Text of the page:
Time and again you hear Americans claiming that East Asian education is all about rote learning, including East Asian math education. Where does the East Asian rote learning stereotype come from?
Sunday, March 28, 2010
At a book talk I gave at the Yale China Association two days ago, where several Chinese nationals were in attendance, this was one of the questions we addressed.
Is it simply an instance of sloppy, prejudicial stereotyping and American self-promotion?
Is it that the people who most strongly denounce rote learning tend to conflate it with other things they don't like that are true of East Asian education, like students sitting in rows facing a teacher and a blackboard, like highly-structured, teacher-directed lessons, and like hard work and after-school cram schools?
Is it that students from East Asia are often quiet in American classrooms, and that Americans assume this lack of participation stems from having nothing to say rather than from the kinds of cultural differences of which too few Americans have sufficient appreciation?
Is it that, in one subject in particular, there is, necessarily, a lot more memorization than in American classrooms--namely written Chinese, with its thousands and thousands of distinct characters--and that, again, people sloppily conflate this with everything else?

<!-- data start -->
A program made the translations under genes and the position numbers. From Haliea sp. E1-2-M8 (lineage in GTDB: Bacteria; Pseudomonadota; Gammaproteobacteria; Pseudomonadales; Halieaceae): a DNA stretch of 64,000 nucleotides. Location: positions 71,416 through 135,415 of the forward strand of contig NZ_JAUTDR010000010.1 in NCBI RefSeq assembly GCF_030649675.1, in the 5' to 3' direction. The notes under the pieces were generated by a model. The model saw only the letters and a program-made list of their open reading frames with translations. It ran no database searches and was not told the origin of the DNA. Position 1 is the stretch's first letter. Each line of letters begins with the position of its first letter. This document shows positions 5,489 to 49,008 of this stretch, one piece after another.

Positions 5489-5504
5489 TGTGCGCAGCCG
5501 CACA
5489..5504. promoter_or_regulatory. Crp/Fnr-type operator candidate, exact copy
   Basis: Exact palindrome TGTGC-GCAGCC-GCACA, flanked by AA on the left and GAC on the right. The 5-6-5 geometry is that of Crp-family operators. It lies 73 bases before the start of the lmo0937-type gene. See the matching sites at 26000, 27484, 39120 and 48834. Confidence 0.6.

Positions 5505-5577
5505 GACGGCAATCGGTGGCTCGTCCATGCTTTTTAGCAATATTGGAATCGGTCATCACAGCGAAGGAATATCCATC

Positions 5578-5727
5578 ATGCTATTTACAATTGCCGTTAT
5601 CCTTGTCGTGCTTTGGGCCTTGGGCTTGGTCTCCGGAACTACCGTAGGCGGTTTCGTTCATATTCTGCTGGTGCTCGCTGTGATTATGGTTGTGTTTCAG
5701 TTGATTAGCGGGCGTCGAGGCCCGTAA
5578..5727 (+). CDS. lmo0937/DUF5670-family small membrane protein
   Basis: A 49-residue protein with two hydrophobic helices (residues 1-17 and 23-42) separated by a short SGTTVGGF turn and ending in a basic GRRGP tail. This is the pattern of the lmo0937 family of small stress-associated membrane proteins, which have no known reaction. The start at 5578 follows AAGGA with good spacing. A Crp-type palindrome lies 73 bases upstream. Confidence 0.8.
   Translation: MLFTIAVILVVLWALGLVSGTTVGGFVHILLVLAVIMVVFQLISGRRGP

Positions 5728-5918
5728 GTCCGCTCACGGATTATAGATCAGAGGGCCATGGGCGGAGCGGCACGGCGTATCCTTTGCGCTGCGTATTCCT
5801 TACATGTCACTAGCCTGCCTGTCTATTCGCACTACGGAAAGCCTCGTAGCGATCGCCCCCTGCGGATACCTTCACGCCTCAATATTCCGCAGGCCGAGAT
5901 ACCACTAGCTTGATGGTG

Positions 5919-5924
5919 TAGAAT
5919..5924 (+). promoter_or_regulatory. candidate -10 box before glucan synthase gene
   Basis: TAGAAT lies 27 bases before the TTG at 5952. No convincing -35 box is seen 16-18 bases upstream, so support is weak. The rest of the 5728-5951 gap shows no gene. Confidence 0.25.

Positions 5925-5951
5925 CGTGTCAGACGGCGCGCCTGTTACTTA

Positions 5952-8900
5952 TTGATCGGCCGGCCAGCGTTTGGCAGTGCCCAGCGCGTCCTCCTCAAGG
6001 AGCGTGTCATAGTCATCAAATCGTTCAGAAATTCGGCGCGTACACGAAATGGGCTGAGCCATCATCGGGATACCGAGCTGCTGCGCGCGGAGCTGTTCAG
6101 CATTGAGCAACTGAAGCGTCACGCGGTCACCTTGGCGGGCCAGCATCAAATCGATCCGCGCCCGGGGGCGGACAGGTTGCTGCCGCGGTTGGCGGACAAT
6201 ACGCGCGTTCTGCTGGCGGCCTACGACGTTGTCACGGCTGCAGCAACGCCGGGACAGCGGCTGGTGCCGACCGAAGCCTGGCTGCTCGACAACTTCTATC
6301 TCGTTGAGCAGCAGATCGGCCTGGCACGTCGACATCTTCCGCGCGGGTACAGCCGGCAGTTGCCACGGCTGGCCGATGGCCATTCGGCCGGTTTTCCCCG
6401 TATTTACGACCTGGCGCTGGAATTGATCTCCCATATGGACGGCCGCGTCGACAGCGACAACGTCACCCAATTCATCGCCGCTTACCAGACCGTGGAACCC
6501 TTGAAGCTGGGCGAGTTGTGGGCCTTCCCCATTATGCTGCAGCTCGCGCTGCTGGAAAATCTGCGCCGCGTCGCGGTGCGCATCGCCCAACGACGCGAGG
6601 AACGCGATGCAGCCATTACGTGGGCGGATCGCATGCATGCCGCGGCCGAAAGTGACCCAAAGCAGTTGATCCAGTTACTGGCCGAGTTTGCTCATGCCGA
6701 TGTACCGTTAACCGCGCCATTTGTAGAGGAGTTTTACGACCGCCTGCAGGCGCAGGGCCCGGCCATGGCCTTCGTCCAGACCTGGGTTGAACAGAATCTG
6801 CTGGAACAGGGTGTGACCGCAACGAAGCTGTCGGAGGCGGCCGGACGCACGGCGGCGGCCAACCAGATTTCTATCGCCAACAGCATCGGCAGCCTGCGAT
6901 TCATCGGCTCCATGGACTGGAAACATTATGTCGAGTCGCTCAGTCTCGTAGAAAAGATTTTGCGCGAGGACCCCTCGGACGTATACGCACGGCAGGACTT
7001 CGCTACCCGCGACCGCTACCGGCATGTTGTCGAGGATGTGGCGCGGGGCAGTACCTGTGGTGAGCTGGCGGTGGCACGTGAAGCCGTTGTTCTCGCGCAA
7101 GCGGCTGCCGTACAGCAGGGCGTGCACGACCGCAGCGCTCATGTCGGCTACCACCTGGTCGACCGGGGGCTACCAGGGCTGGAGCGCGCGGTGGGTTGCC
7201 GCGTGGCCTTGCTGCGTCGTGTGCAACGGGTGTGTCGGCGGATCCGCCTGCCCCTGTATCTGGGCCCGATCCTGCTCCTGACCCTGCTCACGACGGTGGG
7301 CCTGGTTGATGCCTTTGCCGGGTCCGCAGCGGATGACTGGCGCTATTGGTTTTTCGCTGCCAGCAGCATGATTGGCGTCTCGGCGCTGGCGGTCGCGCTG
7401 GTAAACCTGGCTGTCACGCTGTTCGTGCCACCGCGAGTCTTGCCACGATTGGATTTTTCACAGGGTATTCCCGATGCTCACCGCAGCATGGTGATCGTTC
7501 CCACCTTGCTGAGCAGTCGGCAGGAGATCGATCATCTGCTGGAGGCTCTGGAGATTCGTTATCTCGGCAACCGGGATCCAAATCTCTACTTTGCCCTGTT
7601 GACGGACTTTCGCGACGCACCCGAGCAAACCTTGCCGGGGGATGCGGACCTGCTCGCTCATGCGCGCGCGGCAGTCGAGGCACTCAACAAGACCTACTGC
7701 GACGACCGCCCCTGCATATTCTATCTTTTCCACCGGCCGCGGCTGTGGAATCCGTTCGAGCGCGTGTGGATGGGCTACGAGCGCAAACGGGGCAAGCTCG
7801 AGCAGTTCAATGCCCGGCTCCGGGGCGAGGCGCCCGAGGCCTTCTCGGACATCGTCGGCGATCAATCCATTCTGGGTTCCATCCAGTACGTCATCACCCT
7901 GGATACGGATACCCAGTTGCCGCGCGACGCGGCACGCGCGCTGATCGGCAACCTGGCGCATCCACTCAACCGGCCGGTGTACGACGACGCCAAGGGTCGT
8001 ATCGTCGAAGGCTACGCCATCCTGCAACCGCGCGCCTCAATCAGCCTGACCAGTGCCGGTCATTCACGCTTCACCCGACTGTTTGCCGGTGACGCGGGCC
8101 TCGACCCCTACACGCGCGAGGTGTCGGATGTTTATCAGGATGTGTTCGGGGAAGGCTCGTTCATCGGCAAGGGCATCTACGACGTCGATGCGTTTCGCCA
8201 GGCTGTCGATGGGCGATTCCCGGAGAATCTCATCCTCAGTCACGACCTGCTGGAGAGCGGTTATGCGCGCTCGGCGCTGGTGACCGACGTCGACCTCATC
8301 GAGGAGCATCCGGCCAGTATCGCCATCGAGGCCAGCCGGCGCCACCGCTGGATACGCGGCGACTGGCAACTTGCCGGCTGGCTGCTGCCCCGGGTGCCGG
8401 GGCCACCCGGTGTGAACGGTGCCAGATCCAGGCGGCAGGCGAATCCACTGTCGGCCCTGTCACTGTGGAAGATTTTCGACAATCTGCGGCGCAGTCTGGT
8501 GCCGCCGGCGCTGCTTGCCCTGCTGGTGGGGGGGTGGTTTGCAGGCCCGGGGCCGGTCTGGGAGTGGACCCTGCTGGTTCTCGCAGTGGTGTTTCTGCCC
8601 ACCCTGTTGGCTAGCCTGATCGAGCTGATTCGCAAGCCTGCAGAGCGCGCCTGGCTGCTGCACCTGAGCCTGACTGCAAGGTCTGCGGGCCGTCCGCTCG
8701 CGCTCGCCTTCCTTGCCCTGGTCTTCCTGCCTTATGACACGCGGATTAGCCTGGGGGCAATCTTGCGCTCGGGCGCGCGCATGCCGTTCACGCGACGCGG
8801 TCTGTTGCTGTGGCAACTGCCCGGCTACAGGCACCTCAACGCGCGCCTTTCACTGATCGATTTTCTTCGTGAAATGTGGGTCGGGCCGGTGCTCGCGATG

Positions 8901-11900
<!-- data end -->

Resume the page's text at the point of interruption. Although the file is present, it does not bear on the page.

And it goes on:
Or is it that American Constructivist advocates occasionally manage to find someone who was educated in East Asia who will politely tell them that they would have learned so much more if they had had the privilege of attending grade school in America, where there's so much more higher level thinking? (This is a claim I've heard from several Constructivist advocates, though I have yet to meet the person they're talking about).
In addition to discussing these possibilities, I learned the following things about mainland Chinese k12 math education:
In the early grades, students only learn math and Chinese, with about 3 hours a day spent on math.
Students do large numbers of problems that one person characterized as having certain patterns that students eventually get used to, but these problems are challenging word problems--especially involving trains and other moving objects--not columns and columns of pure calculation problems. One student characterized these problems as extremely helpful for higher level mathematical thinking.
Curiously, while some American educators write off East Asian education as all about rote learning, certain Constructivist advocates point to Japan (and sometimes Singapore) as a paragon of group-centered, multiple-solutions based, discovery learning. But, as one learns in The Learning Gap, the group in question is the whole class, and the person in charge of this group is the teacher, and the discovery comes about as a result of his/her Socratic dialogue with the entire class, and that while multiple strategies are entertained, the teacher ultimately helps the class understand why all strategies are not equal, and why one strategy (often one involving a standard algorithm) is often far better the others.